REF NO : B71203

François Linke

A Magnificent Regence Style Trellis Parquetry Bureau Plat

France, Circa 1890


A Magnificent Regence Style Gilt-Bronze Mounted Trellis Parquetry Bureau Plat by François Linke. Linke Index No. 795. Signed to the gilt-bronze border...


Height: 79 cm (32 in)
Width: 170 cm (67 in)
Depth: 96 cm (38 in)
REF NO : B71203


A Magnificent Regence Style Gilt-Bronze Mounted Trellis Parquetry Bureau Plat by François Linke.

Linke Index No. 795.
Signed to the gilt-bronze border ‘F. Linke’.
Stamped ‘FL’ to the reverse of the gilt-bronze handles
Stamped to the lock ‘CT LINKE SERRURERIE PARIS’ and no. ‘795’.

This fine bureau plat has a rectangular trellis parquetry top with a gilt-bronze dentilled surround and scallop shell clasps to the corners. The frieze is fitted with three drawers to the front and three dummy drawers to the reverse, all with foliate-cast frame and handles. The sides of the desk are centred by Bacchic masks and the corners headed by sculptural gilt-bronze female espagnolettes. The bureau is raised on tapering cabriole legs with acanthus wrapped paw feet.

The original model for this sophisticated bureau plat was made by the important 18th century ébéniste Charles Cressent and now resides at the Huntington Library, San Marino, California. [Object Number: 27.18 ]. The model is distinguished by lively sculptural female espagnolettes to the corners with feathered head-dresses. The mounts were first described by officers of the founder’s guild in a list of bronzes seized in Cressent’s workshop in 1723 as “quatre termes de moyenne grandeur avec des testes de femmes coiffées de plumes et aigrettes, dont le buste est en console” (four terminal figures of medium size with female heads dressed with feathers and tufts). The asymmetrical composition of the figures with their turned heads and suggestion of movement, reflect Cressent’s shift stylistically from the more static forms of the Baroque to a more whimsical and lively Rococo style. The Bacchic masks to the sides of the desk, although derived from baroque models of André-Charles Boulle (1642-1732) from the turn of the century, have also been updated to reflect this new Rococo style with the addition of asymmetrical foliage.

The original bureau plat by Cressent was used for the signature of the Peace Treaty at Versailles in 1919.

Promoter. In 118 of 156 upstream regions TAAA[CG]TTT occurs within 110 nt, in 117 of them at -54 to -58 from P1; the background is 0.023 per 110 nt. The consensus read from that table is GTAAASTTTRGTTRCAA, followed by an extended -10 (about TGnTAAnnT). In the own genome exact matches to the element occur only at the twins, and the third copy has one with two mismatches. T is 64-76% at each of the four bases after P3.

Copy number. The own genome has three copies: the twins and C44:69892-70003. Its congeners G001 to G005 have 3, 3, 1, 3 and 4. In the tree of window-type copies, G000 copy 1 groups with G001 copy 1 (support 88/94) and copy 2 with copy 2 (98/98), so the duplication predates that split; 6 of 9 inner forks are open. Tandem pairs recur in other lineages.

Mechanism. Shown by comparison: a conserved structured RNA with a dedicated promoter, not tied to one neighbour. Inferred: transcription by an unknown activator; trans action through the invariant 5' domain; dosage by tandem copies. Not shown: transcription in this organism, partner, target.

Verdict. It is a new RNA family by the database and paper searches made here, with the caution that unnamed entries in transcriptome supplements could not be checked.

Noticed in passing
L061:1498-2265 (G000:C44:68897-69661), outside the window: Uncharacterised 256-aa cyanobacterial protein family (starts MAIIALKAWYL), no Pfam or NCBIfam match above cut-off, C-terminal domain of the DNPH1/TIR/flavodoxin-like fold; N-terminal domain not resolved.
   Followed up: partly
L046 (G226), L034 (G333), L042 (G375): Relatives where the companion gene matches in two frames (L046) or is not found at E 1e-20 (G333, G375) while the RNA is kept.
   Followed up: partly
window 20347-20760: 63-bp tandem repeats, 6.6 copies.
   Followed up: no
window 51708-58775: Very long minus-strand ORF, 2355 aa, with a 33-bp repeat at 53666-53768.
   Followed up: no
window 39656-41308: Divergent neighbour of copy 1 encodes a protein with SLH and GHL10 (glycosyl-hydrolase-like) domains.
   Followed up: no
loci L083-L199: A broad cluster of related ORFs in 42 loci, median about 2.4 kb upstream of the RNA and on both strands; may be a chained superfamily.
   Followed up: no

French, Circa 1890.



Circa 1890




Parquetry and Gilt-Bronze


Signed to the gilt-bronze border ‘F. Linke’. Stamped 'FL' to the reverse of the handles.

François Linke

François Linke (1855 – 1946) was the most important Parisian cabinet maker of the late nineteenth and early twentieth centuries, and possibly the most sought after cabinet maker of his period.

He was born in 1855 in the small village of Pankraz, in what is now the Czech Republic. Records show that Linke served an apprenticeship with the master cabinetmaker Neumann, then in 1875 at the age of 20 he arrived in Paris where he lived until he died in 1946.

It is known that the fledgling Linke workshops were active in Paris in the Faubourg St. Antoine as early as 1881, and during this time he supplied furniture for other more established makers such as Jansen and Krieger.

The quality of Linke’s craftsmanship was unsurpassed by any of his contemporaries and reached its peak with his spectacular stand at the Paris Exposition Universelle in 1900, where his Grand Bureau took the gold medal. He gambled his fortune and reputation on this stand, exhibiting several breathtaking items of furniture with sculptural mounts of the most exceptional quality and proportion. His gamble worked and his reputation was established to such an extent that Linke continued to be the pre-eminent furniture house in Paris until the Second World War.

As the Art Journal reported in 1900 on Linke’s stand:
‘The work of M. Linke … was an example of what can be done by seeking inspiration amongst the classic examples of Louis XV and XVI without in any great sense copying these great works. M. Linke’s work was original in the true sense of the word, and as such commended itself to the intelligent seeker after the really artistic things of the Exhibition. Wonderful talent was employed in producing the magnificent pieces of furniture displayed….’

The formation of Linke’s distinctive style was made possible by his collaboration with the sculptor Léon Messagé. Together Linke and Messagé designed furniture for Linke’s 1900 exhibition stand, with exuberant allegorical figures cast in high relief, that exemplified Linke’s ability to seamlessly merge the different mediums of wood carving, bronze and marquetry into a dynamic unified whole.

Today Linke is best known for the exceptionally high quality of his work, as well as his individualism and inventiveness. All of his work has the finest, most lavish mounts, very often applied to comparatively simple carcasses. The technical brilliance of his work and the artistic change that it represented were never to be repeated.

Payne, Christopher. François Linke, (1855 – 1946), The Belle Époque of French Furniture, Antique Collectors’ Club, (Woodbridge, UK), 2003.
Meyer, Jonathan. Great Exhibitions – London, New York, Paris, Philadelphia, 1851-1900, Antique Collectors’ Club, (Woodbridge, UK), 2006; pp. 298 – 300.
Ledoux – Lebard, Denise. Les Ébénistes du XIXe siècle, Les Editions de l’Amateur, (Paris), 1984; pp. 439-43.
Revue Artistique & Industrielle, (Paris), July-August 1900.
Coral Thomsen, D. (ed), The Paris Exhibition 1900, The Art Journal, 1901; p.341.

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